Delivering science while doing science
For Dr. Alexandra Syphard, CBI’s Senior Research Scientist, it felt surreal to be at a workshop discussing post-fire adaptation when a series of 29 wildfires, including the Thomas fire, ignited across Southern California. Syphard, who studies fire science and ecology, was in Annapolis, Maryland for The National Socio-Environmental Synthesis Center (SESYNC) workshops when the Thomas fire broke out on December 4, 2017. The scientists (and nation) watched in horror as the fire, the largest in California’s state history, grew to eventually consume 281,893 acres.
Dr. Syphard, who strives to deliver accurate information to the public and policy makers, said delivering this information can be a real challenge because some decisions need to be made now, yet the science- modeling, research and analysis- is happening at the same time. “We’re in the middle of doing science,” said Syphard. “But sometimes the answers aren’t there yet. Yet we need to communicate the best science possible to policy makers.”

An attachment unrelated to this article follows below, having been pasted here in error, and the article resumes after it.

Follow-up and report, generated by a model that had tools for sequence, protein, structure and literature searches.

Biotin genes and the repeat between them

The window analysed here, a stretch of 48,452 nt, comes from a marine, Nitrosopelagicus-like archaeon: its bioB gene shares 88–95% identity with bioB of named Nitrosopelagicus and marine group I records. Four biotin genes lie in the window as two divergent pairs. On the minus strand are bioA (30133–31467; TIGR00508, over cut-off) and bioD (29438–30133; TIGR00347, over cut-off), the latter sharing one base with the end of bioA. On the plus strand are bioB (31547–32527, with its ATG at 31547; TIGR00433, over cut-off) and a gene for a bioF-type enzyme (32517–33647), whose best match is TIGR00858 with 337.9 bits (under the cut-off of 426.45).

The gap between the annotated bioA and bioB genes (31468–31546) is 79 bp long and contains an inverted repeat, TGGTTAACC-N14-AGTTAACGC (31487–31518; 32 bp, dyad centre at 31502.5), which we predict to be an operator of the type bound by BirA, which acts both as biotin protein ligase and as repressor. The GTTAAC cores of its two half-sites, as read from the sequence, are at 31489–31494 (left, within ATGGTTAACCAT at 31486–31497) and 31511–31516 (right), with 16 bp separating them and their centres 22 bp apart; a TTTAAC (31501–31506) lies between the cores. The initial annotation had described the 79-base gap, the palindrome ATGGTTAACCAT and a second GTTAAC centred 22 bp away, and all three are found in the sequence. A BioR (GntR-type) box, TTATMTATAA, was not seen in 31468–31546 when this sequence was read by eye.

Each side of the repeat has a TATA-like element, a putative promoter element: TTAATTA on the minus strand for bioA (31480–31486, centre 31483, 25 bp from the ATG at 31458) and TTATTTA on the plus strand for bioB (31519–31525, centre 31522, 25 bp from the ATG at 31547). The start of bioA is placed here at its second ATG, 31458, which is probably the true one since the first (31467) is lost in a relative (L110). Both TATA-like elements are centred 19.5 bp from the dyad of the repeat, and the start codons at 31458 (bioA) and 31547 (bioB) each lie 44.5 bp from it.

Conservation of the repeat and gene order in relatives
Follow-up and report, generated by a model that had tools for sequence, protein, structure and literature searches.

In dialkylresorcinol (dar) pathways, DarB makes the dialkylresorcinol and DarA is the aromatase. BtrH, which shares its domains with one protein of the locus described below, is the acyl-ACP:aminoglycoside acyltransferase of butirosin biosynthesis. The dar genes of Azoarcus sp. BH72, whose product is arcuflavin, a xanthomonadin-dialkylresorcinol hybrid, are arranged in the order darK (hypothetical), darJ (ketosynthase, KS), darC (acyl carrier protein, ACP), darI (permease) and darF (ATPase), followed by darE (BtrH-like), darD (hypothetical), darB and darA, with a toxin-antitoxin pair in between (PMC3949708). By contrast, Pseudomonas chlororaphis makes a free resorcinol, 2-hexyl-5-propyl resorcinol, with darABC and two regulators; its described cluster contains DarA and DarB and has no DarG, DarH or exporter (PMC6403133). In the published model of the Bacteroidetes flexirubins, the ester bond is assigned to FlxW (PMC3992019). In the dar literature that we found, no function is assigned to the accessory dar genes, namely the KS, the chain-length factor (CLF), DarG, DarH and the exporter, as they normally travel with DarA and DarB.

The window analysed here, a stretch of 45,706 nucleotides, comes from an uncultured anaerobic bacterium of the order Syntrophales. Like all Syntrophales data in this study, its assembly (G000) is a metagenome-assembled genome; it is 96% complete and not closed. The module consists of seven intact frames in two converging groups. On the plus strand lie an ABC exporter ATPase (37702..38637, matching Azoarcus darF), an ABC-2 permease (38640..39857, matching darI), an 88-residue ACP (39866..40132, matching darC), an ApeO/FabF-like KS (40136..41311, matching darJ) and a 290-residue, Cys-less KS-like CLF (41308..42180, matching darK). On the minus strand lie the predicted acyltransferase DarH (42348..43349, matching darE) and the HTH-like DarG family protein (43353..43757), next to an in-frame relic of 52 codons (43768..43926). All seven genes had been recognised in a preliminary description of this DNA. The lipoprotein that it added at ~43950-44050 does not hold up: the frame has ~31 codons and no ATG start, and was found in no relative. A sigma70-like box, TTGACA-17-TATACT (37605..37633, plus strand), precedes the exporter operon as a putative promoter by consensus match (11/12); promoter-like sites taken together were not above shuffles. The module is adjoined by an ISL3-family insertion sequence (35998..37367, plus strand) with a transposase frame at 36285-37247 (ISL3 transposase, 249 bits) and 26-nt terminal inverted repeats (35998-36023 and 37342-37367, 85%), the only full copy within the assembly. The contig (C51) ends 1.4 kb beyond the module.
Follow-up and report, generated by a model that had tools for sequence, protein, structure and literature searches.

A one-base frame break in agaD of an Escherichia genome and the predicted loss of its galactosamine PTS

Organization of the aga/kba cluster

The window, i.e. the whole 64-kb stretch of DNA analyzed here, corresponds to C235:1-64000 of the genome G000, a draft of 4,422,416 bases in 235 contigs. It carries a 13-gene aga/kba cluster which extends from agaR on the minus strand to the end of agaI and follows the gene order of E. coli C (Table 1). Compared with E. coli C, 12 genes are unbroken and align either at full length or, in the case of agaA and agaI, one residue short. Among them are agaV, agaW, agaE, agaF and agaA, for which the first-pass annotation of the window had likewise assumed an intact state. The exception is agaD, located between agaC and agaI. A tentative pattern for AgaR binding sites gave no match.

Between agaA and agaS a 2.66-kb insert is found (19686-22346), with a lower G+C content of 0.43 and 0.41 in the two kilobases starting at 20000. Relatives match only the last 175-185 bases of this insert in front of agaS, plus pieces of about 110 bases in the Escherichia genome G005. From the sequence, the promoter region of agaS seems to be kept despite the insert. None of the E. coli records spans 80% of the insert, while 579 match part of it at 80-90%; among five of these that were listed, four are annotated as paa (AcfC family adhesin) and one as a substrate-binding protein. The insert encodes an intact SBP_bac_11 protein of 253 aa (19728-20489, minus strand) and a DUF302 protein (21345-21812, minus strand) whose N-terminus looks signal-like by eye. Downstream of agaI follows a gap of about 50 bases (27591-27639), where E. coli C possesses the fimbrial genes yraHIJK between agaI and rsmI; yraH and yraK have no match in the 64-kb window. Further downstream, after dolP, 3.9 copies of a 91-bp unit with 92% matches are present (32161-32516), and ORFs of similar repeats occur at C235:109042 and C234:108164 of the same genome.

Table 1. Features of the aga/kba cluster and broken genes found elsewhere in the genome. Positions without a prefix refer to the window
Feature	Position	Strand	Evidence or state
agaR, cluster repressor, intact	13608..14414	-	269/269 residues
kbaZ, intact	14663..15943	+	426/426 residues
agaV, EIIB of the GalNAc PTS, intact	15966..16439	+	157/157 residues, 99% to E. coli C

Syphard said there’s a lot that fire scientists know and understand but still more that needs to be known. “I see a lot of overgeneralization in media and policy. It can be dangerous to take information from one region or situation and apply to another.”
Syphard’s schedule has been particularly busy this past season. Besides attending other conferences including the International Fire Ecology and Management Congress, she participated in a panel of scientists briefing congressional staff on smarter, sounder policies to manage our forests and prevent catastrophic loss from wildfires. This panel, organized by the John Muir Project of the Earth Island Institute and hosted by Senator Brian Schatz, (D-HI), challenged some of the prevailing thinking regarding wildfires. She was also a guest on Science Friday discussing, among other fire related issues, her recent publication “Human presence diminishes the importance of climate in driving fire activity across the United States”.
Throughout it all, she tries to stay focused on the goal of delivering accurate information to the public and policy makers, not just before and during a fire, but also after, when questions and debate arise over reconstruction and redevelopment.
“What worries me,” said Syphard, “Is that people night make decisions based on poor science, which could lead us in the wrong direction and possibly make things even worse.”